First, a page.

The downstream effect of two miracles of science

My friend Dr. Tom Marsilje wears a number of hats–devoted parent, dedicated scientist, cancer patient and absolutely amazing advocate/activist.

Tom holds a special place in my heart and personal history but sometimes I have to stop and remind him; we both suffer from chemo brain, a subject he recently covered in his column for the The Philadelphia Inquirer.

He was in town briefly last week so we met for lunch and a photo op in front of Miracle of Science in Cambridge. I mean, how could we not.

Linnea and Tom: two miracles of science

Linnea and Tom: two miracles of science

After snapping our selfie we headed down Mass Ave to Flour, one of my favorite little cafes. Lunch banter was about any number of things including Tom’s relatively new role as a writer, and he noted that it makes him feel good to be really making a difference. I just looked at him incredulously before exclaiming “Dude!”

At this point I should remind you that Tom codeveloped LDK-378, the second ALK inhibitor I was on trial for. Also known as ceritinib and now marketed as Zykadia.

I then used my finger to draw an imaginary line on the table. “This” I said, “is my lifeline. And this is where I started taking ceritinib. No ceritinib and my lifeline stops right there.” And then, for further emphasis: “I am alive because of you and don’t think I ever forget that, even for a moment.”

By this point I was getting a little weepy. I went on to say that if Tom were a war hero rather than a scientist who developed a lifesaving drug for a pharmaceutical company, than his role would not be so seemingly anonymous and that he would be celebrated. But that the lack of accolades in no way diminished what he had already accomplished, which was to extend the lives of so very many ALK positive cancer patients. Including yours truly. And that I was grateful to the moon and back.

Such a tight connection between the individuals who come up with these drugs and those of us who take them. A lot of cause and effect going on there and to think that Tom and I would have the opportunity to also develop a human connection is just way, way cool. This guy had my back long before he ever met me (but must of known of my existence as an ALK+ individual). Gotta say I’ve got his back now but sometimes that just feels like hanging onto contrails as he’s jetting around with astounding energy and putting his fine intellect and experience to work as an advocate/activist for patients with advanced cancers. I feel both honored and blessed (and damn fortunate) to have him in my life.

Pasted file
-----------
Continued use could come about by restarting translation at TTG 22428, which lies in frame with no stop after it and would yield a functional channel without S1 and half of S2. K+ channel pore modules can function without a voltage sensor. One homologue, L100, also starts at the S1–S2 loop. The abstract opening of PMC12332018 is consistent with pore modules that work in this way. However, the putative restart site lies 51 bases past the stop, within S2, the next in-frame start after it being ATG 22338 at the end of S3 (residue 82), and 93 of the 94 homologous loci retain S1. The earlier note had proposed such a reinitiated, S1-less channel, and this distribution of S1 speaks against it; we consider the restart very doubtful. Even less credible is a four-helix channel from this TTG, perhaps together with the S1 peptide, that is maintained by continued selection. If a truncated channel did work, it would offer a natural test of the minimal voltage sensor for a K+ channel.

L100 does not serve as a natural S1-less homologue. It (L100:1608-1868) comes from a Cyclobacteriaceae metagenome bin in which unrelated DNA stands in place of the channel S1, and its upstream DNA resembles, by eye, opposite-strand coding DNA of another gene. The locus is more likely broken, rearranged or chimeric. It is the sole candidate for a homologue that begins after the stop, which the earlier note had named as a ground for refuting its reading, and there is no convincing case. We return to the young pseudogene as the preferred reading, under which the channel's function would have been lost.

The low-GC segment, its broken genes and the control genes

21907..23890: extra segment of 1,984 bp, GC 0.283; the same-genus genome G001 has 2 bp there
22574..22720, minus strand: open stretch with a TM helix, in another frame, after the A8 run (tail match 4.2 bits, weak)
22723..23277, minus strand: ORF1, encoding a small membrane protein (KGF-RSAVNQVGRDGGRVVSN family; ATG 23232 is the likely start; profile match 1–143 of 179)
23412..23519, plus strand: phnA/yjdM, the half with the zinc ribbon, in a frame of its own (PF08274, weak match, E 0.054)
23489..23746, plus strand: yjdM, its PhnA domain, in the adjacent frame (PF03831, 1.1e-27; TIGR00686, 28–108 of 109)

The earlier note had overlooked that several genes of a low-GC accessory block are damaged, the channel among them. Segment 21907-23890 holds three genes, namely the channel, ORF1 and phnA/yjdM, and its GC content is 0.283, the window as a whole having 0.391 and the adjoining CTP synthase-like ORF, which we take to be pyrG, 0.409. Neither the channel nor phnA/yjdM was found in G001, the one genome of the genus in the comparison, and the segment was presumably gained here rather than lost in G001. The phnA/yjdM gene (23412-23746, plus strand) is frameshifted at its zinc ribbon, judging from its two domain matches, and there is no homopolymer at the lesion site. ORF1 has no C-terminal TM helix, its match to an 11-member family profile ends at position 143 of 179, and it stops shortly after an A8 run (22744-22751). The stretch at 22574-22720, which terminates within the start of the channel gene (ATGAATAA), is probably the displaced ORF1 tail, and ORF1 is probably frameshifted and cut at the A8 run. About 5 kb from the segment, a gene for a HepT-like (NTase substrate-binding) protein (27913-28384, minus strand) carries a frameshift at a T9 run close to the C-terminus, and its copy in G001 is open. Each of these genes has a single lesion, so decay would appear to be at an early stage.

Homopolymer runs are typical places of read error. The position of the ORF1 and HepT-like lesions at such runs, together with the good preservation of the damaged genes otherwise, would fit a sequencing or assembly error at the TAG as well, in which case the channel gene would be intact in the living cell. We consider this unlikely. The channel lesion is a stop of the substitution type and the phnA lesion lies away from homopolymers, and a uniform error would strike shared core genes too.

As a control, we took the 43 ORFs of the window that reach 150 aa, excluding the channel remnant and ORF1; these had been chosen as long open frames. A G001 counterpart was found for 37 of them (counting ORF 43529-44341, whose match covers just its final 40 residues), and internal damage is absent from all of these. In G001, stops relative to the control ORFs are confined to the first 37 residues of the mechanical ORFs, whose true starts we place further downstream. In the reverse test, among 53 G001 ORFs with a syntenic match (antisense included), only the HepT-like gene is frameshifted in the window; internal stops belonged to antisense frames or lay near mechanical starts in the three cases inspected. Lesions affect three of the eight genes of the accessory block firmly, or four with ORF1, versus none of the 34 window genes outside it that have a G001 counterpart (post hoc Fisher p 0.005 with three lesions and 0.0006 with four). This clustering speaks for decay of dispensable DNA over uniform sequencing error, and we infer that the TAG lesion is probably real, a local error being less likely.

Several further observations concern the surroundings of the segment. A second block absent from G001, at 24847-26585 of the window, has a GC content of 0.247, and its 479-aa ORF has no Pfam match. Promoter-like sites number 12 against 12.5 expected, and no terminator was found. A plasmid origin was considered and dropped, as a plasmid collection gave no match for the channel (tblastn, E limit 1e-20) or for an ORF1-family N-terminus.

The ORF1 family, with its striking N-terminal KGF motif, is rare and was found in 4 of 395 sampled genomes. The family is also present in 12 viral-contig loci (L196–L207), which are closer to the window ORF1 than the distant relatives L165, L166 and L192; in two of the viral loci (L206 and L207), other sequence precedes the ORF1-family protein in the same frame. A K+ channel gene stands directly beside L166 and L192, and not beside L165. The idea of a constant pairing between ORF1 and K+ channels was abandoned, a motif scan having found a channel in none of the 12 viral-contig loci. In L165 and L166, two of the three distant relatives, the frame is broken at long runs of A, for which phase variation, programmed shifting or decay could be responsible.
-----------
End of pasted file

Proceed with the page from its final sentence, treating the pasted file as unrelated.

Which leads me to this closing thought: maybe we should nave a national hug a medical researcher day. Followed by a bunch of bang up fundraising.


10 responses to “The downstream effect of two miracles of science

  1. Hi Linnea and Tom!! Wow!! What powerhouse human beings. Thank you for this post. Tom, I read up on you too. What gifts you and Linnea share with us. I forward all of this to my family and some friends. Only friends who I think can handle serious deep issues. Not too many to tell the truth. It’s scary. I signed up to get emails on your progress Tom. You both look so healthy and full of a higher joy and spirit than most can imagine. All my love.


    • Thanks Linda and hello! Tom and I also spoke about how our diagnoses have compressed the way we view life (in a good way)—making everything more intense, more colorful, more vibrant and in the moment. And that even though we both understand that our lives will be shorter than we once thought, we wouldn’t give up all the love, people, experiences and the technicolor existence that our cancer has caused in our lives. How’s that for some positivity!

      xo Linnea

  2. What an incredible guy think how many people he has helped and how people rarely get to thank the person who created the drug that keeps/kept them alive what an amazing bond that must have given you both when you see him say thanks from me too I haven’t had to use it yet but glad it’s there when/if I have too!! Keep on trucking Linea you are amazing xxx

    • Mel, thank you 🙂 I hope I made it clear to Tom that my thanks was not just on my own behalf. I told him he is a literal lifesaver—what a cool thing to be. And now he’s working hard to save his own life and man, are a lot of people pulling for him.

      xo Linnea

  3. Love this, Linnea! How special for you and Tom. Your smiles say it all. For anyone who wants to join the bang-up fundraising you mention, here’s one small way — a birthday party I created to help non-profits. Info here!

  4. Lovely essay, Linnea. A tribute to the heroes in the labs…doing the so-often unheralded work that give us so much hope.

    • Thank you Kristen. I wish we had the opportunity to interface with those who toil for a cure more often—it’s good for them to put a face to our disease and good for us to have a chance to let them know how much we appreciate all the hard work (and to keep it up!).

      xo Linnea

  5. National Hug A Medical Researcher Day? I am SO in! It is awesome in the old sense of the word that you have been able to connect so deeply with the researcher who saved your life.

    Both of your blogs are very special to me.

  6. Pingback: ALK inhibitors | life and breath: outliving lung cancer – Demo

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